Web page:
Harmony Grange hosts its 86th annual Agricultural Fair

Amanda Peck of Monroe helps her daughter, Madison, 7, make a bracelet during the Harmony Grange's annual Agricultural Fair Saturday morning.

MONROE, CT — Participants at Harmony Grange’s 86th annual Agricultural Fair competed in agricultural and amateur photo contests Saturday, bought jewelry and crafts made by Grange members, saw lectures and exhibits, and enjoyed burgers and baked goods.

Children made their own jewelry and played outdoor games at the property on 103 Hurd Ave.

Cynthia Giancaspro, a professional horticulturalist and owner of Garden Pro LLC, gave a presentation entitled, “Turfgrass for Homeowners. Another presentation was given by Jim Ritter of the Pollinator Pathway.

Evie McLaren, 9, of Monroe sells earrings she crafted for her business, Evie’s Designs.

“The Grange movement began in 1867 to improve the lot of farmers,” according to an Agricultural Fair booklet. “Prior to that the railroad companies had a monopoly on the grain elevators and could control the prices farmers paid for their produce.”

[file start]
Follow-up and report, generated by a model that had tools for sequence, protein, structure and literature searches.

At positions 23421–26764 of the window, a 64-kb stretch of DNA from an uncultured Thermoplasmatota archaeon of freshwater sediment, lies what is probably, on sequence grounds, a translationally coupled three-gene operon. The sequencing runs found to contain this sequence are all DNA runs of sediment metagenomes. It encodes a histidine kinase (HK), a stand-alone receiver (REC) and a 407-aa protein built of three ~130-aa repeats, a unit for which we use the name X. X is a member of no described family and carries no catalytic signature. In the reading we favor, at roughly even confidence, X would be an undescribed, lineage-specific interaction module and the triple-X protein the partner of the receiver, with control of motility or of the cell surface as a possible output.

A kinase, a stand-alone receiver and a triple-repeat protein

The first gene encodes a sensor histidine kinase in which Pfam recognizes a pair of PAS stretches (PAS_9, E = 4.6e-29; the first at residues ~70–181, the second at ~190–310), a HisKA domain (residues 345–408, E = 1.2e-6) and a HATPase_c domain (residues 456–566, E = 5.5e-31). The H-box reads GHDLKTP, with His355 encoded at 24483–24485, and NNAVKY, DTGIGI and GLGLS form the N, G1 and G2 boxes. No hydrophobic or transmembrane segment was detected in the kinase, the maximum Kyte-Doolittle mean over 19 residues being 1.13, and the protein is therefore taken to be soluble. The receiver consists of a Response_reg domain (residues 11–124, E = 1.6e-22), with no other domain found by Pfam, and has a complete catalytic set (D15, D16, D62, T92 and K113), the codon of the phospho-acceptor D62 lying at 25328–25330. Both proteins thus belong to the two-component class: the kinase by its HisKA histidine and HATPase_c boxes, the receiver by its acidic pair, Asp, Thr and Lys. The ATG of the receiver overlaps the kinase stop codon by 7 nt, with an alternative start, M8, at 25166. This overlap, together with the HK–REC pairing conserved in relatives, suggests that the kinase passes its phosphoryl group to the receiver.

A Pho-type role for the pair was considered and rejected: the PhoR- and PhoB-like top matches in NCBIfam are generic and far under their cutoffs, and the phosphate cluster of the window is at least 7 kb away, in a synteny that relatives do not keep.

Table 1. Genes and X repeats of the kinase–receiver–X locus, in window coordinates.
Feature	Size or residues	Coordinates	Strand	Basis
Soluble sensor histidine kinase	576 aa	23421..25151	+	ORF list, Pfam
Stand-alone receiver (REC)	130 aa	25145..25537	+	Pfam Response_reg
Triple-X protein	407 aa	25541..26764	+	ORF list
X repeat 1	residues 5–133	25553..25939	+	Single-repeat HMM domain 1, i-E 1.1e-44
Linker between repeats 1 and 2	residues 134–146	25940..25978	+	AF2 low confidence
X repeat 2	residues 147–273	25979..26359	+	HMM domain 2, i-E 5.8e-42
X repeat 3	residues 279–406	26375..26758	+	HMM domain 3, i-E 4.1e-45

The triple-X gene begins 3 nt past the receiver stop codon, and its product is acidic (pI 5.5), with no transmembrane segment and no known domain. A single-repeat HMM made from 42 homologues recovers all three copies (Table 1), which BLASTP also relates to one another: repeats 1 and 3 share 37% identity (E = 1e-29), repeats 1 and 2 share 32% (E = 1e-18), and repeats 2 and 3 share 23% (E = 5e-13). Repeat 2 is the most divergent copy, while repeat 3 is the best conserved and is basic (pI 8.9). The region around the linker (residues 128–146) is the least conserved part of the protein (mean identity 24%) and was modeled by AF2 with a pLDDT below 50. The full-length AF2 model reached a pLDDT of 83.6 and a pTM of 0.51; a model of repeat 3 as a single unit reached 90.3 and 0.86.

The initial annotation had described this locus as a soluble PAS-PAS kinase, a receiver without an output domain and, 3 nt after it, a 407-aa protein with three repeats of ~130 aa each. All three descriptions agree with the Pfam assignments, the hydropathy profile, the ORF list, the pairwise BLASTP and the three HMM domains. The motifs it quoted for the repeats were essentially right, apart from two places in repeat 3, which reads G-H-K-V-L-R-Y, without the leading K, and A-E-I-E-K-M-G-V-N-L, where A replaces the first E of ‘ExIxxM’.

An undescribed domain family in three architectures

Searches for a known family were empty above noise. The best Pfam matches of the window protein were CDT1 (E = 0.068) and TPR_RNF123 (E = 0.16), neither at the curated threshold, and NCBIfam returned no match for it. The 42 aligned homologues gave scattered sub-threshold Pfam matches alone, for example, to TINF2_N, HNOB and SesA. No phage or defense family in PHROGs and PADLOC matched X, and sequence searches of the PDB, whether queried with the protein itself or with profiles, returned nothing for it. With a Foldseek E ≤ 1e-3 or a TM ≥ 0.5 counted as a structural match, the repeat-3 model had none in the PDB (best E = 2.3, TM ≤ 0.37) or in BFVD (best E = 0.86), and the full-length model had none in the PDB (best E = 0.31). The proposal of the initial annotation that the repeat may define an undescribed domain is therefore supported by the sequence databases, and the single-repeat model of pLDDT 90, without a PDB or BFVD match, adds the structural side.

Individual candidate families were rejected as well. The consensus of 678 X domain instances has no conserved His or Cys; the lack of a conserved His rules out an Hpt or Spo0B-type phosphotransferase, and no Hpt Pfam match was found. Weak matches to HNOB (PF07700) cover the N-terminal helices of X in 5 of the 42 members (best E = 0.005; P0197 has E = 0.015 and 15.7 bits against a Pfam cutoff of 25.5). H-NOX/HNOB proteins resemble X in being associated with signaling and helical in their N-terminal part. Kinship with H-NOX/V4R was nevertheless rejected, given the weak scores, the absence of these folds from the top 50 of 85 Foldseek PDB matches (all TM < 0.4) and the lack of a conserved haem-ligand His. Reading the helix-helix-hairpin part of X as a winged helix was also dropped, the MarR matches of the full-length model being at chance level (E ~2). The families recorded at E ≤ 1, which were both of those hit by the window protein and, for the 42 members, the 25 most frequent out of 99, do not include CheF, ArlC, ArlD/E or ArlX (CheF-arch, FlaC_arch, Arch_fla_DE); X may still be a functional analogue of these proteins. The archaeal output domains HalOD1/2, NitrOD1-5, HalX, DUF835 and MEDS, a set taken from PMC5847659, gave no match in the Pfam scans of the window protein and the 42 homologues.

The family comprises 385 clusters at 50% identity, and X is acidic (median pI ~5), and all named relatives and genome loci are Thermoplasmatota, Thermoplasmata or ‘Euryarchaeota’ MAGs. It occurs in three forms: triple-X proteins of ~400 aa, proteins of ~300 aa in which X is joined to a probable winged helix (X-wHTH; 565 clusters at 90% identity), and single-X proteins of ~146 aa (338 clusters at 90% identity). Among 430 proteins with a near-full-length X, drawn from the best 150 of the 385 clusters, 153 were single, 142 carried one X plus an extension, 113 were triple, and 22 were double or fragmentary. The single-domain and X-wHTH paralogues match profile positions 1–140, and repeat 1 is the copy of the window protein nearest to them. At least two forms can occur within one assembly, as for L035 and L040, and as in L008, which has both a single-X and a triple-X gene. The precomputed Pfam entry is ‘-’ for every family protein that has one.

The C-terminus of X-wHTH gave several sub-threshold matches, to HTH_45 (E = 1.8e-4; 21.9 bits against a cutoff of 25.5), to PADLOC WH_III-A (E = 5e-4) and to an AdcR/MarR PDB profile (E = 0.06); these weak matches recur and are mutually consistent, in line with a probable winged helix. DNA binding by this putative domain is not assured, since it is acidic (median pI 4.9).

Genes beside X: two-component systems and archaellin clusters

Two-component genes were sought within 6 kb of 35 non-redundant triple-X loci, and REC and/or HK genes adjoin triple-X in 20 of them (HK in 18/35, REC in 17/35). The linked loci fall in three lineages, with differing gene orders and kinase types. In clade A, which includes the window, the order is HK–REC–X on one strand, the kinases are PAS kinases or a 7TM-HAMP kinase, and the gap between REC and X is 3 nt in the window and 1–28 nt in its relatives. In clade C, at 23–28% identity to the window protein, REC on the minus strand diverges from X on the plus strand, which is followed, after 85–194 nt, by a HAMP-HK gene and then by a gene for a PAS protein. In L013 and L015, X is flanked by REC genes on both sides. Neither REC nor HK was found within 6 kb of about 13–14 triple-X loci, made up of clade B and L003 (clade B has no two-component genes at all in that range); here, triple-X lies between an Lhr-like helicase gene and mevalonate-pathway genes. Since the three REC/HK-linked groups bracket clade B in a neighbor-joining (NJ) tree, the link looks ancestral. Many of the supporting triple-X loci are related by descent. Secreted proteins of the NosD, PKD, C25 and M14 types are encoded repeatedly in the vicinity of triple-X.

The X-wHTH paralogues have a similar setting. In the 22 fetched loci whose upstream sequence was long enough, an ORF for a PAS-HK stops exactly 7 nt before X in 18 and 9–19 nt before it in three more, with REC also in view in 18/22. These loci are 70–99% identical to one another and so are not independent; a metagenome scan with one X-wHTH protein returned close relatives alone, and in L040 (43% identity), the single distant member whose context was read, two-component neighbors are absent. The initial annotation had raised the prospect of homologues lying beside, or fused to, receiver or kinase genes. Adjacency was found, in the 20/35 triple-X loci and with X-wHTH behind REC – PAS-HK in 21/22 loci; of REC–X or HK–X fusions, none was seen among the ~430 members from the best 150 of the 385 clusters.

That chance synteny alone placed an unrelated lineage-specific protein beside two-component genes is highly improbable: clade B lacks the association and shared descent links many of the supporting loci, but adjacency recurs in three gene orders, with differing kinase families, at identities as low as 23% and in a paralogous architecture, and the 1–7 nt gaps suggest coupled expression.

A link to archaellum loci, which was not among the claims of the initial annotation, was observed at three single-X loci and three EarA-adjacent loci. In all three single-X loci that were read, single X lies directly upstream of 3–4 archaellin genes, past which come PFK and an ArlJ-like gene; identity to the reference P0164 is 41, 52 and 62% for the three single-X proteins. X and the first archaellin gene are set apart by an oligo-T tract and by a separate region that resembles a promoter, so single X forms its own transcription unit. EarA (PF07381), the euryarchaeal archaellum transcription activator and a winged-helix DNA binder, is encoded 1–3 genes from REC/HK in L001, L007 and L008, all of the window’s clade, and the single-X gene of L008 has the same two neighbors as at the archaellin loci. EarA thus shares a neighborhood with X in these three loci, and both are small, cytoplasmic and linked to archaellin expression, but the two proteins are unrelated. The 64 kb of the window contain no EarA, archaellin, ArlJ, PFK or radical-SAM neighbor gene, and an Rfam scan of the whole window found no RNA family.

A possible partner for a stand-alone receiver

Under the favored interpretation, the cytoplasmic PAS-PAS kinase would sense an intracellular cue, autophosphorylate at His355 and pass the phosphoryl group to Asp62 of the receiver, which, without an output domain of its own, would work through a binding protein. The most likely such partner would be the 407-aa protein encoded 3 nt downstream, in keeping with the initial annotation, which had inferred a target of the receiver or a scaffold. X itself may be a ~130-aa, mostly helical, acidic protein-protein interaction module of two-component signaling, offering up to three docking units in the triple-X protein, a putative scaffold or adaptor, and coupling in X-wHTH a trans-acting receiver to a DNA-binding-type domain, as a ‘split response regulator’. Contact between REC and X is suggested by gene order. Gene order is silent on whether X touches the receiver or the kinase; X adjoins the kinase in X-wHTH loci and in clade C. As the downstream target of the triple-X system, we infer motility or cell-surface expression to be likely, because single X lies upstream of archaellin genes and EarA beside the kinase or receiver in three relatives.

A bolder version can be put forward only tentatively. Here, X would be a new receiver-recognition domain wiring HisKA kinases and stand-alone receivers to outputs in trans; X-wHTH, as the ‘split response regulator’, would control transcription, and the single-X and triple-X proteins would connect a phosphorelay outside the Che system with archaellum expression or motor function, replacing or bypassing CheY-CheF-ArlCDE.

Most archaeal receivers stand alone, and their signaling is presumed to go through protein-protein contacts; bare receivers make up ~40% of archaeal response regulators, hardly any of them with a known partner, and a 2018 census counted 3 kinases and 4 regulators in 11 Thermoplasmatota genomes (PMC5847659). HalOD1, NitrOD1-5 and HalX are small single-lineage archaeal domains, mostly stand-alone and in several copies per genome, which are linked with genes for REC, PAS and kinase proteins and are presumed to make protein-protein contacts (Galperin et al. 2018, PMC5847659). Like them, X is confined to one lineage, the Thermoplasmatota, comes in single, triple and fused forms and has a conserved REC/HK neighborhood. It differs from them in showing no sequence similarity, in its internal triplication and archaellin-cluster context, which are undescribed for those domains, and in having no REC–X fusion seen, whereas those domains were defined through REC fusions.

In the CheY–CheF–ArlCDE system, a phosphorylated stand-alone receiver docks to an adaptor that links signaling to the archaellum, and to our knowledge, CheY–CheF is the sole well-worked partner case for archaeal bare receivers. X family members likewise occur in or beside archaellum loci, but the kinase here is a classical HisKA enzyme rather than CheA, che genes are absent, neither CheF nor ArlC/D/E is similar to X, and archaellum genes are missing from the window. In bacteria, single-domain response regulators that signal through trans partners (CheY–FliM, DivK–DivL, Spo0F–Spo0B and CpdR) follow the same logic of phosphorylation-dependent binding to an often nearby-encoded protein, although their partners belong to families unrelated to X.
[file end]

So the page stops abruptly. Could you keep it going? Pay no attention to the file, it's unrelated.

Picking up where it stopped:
Harmony Grange No. 92 had its first meeting at Monroe Congregational Church on January 18, 1889 and has been holding agricultural fairs since 1937. The Grange currently hosts monthly meetings for members and public events once a month.

“We’re always looking for new members and people interested in renting the Grange Hall,” Giancaspro said.

Harmony Grange’s Hall has a dance floor and a stage. Among the events held there, were a music night and a coffeehouse night, according to Giancaspro.

To rent the Grange for an event, call Sue Simmons at 203-414-8473. Those interested in becoming a member should send an email to [email protected].

1 Comment

  1. Skate Time started out as the Al Brundage’s Country Square Dance Hall on July 4th 1948.
    Many dancers met their future marriage partners here. We enjoyed the Saturday
    night square dances and had my wedding reception here with a square dance for the
    reception. My parents, Ben and Marion Hurd had a group of four couples who would
    demonstrate the dances for Al Brundage and The Pioneers at Danbury Fair, dance festivals
    Great Barrington Fair in MA and when the various charities were raising money for their projects. The dance hall was a wonderful place to go to for good clean fun.

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